The Classic Sci-Fi Short Story You Should Read After This Week's Star Trek: Strange New Worlds

This post contains spoilers for episode 6 of "Star Trek: Strange New Worlds."

It's only been on the air for a little over a month, yet "Star Trek: Strange New Worlds" is already known for its deep cut pop culture references. The wildly entertaining "Star Trek: The Original Series" prequel show has already thrown it back to everything from "The Day the Earth Stood Still" to William Shatner in a mustache.

The show has also established itself as carrying the torch Gene Roddenberry's original series lit, by asking big, bold questions about the nature of existence and providing thoughtful and complex answers. This week, though, the crew of the Enterprise tackled a philosophical question that has no easy answer — one that's been referenced by great writers and thinkers for generations.

In episode six of "Star Trek: Strange New Worlds," titled "Lift Us Where Suffering Cannot Reach," Captain Pike (Anson Mount) encounters an old flame, a woman named Alora (Lindy Booth) who is now guarding a special child called The First Servant (Ian Ho). As with many classic Trek episodes, the Enterprise team finds a group in distress and offers to help them without knowing all the details of their backstory. Longtime fans of the franchise were likely less-than-surprised when the story beats continued to follow Trek tradition, with Alora only being revealed as a villain once she and Pike had rekindled their romance.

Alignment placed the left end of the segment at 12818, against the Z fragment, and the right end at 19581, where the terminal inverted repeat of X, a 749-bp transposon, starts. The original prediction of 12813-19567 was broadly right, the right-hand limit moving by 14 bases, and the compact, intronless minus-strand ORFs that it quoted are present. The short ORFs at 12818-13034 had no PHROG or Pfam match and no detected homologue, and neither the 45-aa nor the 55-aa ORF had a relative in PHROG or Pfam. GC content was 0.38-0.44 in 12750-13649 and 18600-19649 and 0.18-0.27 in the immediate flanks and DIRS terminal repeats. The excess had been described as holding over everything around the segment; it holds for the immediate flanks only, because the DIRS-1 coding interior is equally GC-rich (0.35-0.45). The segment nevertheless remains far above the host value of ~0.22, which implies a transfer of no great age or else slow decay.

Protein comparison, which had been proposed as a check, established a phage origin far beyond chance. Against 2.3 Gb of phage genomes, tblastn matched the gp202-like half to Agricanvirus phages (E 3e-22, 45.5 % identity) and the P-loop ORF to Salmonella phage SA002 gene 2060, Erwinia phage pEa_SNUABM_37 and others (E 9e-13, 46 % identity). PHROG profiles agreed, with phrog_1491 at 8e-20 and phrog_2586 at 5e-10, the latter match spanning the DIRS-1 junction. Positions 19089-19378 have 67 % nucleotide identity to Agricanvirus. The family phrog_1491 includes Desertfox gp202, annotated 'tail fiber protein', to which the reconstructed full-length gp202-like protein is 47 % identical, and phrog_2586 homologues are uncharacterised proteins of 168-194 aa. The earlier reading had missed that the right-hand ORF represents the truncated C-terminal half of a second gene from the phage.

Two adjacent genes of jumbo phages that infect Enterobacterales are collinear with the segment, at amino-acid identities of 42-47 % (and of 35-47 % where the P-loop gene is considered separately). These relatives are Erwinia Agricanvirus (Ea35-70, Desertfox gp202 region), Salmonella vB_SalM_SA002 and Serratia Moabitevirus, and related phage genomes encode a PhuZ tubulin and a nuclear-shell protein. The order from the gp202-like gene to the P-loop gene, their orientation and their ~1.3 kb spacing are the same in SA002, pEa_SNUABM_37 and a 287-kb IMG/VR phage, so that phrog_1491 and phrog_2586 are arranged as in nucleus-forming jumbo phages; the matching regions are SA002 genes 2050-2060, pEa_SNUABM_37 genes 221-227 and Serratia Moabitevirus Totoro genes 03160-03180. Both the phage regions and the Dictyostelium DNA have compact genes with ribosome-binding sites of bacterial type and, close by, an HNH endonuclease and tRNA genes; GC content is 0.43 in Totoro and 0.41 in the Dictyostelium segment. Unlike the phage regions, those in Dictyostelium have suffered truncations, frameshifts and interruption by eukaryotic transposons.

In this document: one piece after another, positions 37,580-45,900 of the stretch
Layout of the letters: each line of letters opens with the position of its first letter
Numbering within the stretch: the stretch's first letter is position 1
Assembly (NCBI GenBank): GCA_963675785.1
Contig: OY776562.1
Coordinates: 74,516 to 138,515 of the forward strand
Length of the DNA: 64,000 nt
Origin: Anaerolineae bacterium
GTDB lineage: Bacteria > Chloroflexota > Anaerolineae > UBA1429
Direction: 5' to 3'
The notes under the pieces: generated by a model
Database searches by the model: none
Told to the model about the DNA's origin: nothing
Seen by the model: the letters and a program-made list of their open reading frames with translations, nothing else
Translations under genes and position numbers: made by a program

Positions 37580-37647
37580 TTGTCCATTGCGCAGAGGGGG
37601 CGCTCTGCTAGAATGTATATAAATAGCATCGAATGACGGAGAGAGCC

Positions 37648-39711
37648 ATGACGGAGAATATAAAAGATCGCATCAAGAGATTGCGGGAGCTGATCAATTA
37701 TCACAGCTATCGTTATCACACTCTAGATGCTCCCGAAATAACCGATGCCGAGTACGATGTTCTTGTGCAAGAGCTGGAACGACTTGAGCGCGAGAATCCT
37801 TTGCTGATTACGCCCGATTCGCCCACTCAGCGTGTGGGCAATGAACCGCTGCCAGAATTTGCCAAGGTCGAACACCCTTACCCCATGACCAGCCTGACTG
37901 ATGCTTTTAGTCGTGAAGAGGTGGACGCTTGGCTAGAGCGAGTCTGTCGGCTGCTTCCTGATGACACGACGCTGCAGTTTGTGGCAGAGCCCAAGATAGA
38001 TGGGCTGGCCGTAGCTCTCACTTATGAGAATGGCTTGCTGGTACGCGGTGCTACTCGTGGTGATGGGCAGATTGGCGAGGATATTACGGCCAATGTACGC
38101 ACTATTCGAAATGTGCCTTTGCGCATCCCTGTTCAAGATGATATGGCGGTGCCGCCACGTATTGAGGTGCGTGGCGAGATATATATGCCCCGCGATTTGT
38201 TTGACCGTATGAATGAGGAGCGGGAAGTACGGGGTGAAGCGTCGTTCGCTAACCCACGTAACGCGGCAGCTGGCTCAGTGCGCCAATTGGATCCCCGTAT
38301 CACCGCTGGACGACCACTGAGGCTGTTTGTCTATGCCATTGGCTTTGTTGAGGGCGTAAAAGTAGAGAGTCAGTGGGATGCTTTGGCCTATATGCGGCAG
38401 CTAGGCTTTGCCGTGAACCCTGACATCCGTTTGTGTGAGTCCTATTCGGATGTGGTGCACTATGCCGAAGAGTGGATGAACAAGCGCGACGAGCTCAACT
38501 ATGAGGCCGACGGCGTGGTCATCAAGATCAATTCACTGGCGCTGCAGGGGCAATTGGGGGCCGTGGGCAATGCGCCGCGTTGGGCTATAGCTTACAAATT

The truth about Ascension

Yet the bleak endnote of "Lift Us Where Suffering Cannot Reach" is a little less expected. The entire episode sees the Majalans around The First Servant treating him as precious, and all indications point to him being coronated as their leader soon — so long as he doesn't get kidnapped by a fringe group first. Except, in the episode's final moments, we learn that the Enterprise crew has it all wrong. The First Servant's ascension isn't to a throne, but to a secluded and ritualistic torture chamber. The child is locked into a machine where his life force will be sucked out and used to power the luxurious lifestyles of all who live above. A small skeleton lets us know he's not the first kid to receive this fate.

As shocking as this turn of events might be, the story "Star Trek: Strange New Worlds" is telling has roots in a classic science fiction work. Prolific and celebrated sci-fi author Ursula K. Le Guin was known for creating riveting speculative stories that asked big questions about the universe. Few were more haunting or sobering than her 1973 short story, "The Ones Who Walk Away From Omelas." Le Guin called her story "Variations on a theme by William James," referencing a philosopher who wrote about the idea of a scapegoat in "The Moral Philosopher and the Moral Life." Scholars including Shoshana Knapp have also pointed out that a similar idea is communicated in Fyodor Dostoevsky's "The Brothers Karamazov," meaning the concept explored in this week's "Trek" episode goes back at least until 1880.

A utopia with a caveat

But it's the ominous, near-utopic world of "The Ones Who Walk Away From Omelas" that "Star Trek: Strange New World" clearly pulls from. Though the team behind "Star Trek: Strange New Worlds" doesn't seem to have acknowledged the Omelas homage yet, franchise executive producer Alex Kurtzman has referenced Omelas before in a conversation with about "Star Trek: Discovery." A ship in that series is even named the Le Guin.